Soon the photographers discovered that there were about 1200 apprehended and missing people – people who had been disappeared, and they felt the need to make these people reappear to the public eye by publicizing photographs of them.  But for about 500 of the disappeared people, there were no available photographs, so the photographers set about the task of finding past photos of these people and creating a pictorial memorial in ceramic tiles of all of them.  This reflects an underlying theme of the film: a person’s photographic image is more real than a mere description of that person in words.  The image evokes a sense of presence about the person – this person truly existed and had a life, just like the rest of us.  As Ana Gonzales, one of the mothers who had lost children to government disappearance, said, “not having had a photo of your family is somehow not having had part in the history of mankind.”

To counter the public’s growing awareness of government atrocities, the government took various measures against the photographers.  For awhile they banned all images from magazines. So the journals responded by publishing issues with blank-out spaces with the word “censored” where images were intended on some pages. And the people began wearing enlarged prints of disappeared people’s photos around their necks on the streets, keeping the ultimate question about their whereabout constantly in the faces of the authorities. 


The government also tried to infiltrate the group with spies and informers, but the photographers were quick to learn how to identify the lack of genuineness of a government snitch. 

As the photographers continued their investigations, they would occasionally suffer beatings at the hands of the police.  One of their number, Oscar Navarro, even got the nickname “Kamikaze” for his willingness to risk plunging into the midst of some dangerous encounters. But there were more sinister things than beatings; they learned that the CNI (the Chilean internal intelligence agency) was murdering people as part of their “dirty war” activities. One of the AFI members, Rodgrigo Rojas, was an idealistic teenager who had committed himself to the AFI photojournalistic movement. While photographing one newsworthy event on the road, the military poured gasoline over him and immolated him.  The surviving photographers who recollected him twenty years later still shared a sense of guilt and sadness for not having restrained the young boy from pursuing the dangerous operations in which they were engaged.  The AFI photographers lost other good friends this way, too.  The Chilean academic Jose Manuel Parada was a good friend of the photographers.  One day the bodies of Parada and two of his academic colleagues were found dumped by the side of the road with their throats slit.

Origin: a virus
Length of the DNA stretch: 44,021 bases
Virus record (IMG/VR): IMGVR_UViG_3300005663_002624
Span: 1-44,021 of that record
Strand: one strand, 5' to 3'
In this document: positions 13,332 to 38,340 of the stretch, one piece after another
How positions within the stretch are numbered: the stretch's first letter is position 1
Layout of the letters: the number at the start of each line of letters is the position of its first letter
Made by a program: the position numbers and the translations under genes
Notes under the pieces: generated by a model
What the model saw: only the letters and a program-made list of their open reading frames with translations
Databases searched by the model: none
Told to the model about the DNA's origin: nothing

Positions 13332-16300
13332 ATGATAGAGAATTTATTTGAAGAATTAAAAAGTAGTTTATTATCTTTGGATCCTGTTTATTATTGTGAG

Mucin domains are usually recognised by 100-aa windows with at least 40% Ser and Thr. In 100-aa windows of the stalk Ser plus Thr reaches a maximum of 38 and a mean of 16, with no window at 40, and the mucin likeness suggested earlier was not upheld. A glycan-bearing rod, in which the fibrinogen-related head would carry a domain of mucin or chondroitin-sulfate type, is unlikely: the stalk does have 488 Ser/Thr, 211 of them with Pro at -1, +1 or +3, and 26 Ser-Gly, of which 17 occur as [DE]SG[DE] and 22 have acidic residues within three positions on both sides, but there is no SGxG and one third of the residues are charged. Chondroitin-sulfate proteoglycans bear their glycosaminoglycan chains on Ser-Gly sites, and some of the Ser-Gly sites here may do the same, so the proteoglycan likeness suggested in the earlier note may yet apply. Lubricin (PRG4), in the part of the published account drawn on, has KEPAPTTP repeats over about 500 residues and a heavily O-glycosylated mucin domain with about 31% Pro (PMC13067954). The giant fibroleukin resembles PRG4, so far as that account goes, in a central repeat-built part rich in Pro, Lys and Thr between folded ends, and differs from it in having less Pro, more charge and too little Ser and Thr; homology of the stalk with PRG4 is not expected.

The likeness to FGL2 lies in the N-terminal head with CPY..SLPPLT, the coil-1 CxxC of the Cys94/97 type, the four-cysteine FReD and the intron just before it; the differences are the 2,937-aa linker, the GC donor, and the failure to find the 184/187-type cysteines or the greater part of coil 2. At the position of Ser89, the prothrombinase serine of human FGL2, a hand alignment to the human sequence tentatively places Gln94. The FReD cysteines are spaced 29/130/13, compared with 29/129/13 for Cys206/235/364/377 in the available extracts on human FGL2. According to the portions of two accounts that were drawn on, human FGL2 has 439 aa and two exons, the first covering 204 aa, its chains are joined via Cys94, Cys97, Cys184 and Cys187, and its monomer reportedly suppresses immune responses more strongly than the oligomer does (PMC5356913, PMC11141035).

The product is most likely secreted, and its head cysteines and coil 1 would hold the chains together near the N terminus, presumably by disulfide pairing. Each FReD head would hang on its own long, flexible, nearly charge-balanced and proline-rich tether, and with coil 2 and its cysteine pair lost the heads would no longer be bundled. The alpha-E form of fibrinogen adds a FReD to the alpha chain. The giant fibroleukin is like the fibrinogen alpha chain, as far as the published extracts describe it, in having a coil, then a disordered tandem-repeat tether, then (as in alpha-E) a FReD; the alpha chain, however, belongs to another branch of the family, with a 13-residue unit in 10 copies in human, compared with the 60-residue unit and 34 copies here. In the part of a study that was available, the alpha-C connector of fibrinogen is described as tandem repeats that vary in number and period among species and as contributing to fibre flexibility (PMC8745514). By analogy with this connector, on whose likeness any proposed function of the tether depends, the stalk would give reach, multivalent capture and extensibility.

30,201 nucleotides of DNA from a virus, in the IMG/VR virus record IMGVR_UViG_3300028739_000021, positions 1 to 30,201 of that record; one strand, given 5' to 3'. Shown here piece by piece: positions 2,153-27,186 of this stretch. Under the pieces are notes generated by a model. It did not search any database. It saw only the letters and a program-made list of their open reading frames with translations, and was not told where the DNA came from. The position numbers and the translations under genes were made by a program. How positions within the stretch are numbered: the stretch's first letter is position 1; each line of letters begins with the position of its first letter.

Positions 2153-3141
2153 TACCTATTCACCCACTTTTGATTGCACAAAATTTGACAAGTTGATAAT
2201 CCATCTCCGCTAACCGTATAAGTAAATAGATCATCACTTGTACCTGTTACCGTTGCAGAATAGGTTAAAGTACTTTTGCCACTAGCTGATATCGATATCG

In addition to such butchery, the government tried to discredit the photographers.  Luis Navarro was arrested while photographing Pinochet entering the government palace and held for five days.  We are not informed what they did to him, but there is a suggestion that he was abused. Afterwards the government propagated a false story that Navarro had been a government informer for years. Some of the public believed the story, and it took Navarro years to recover his reputation from the slander.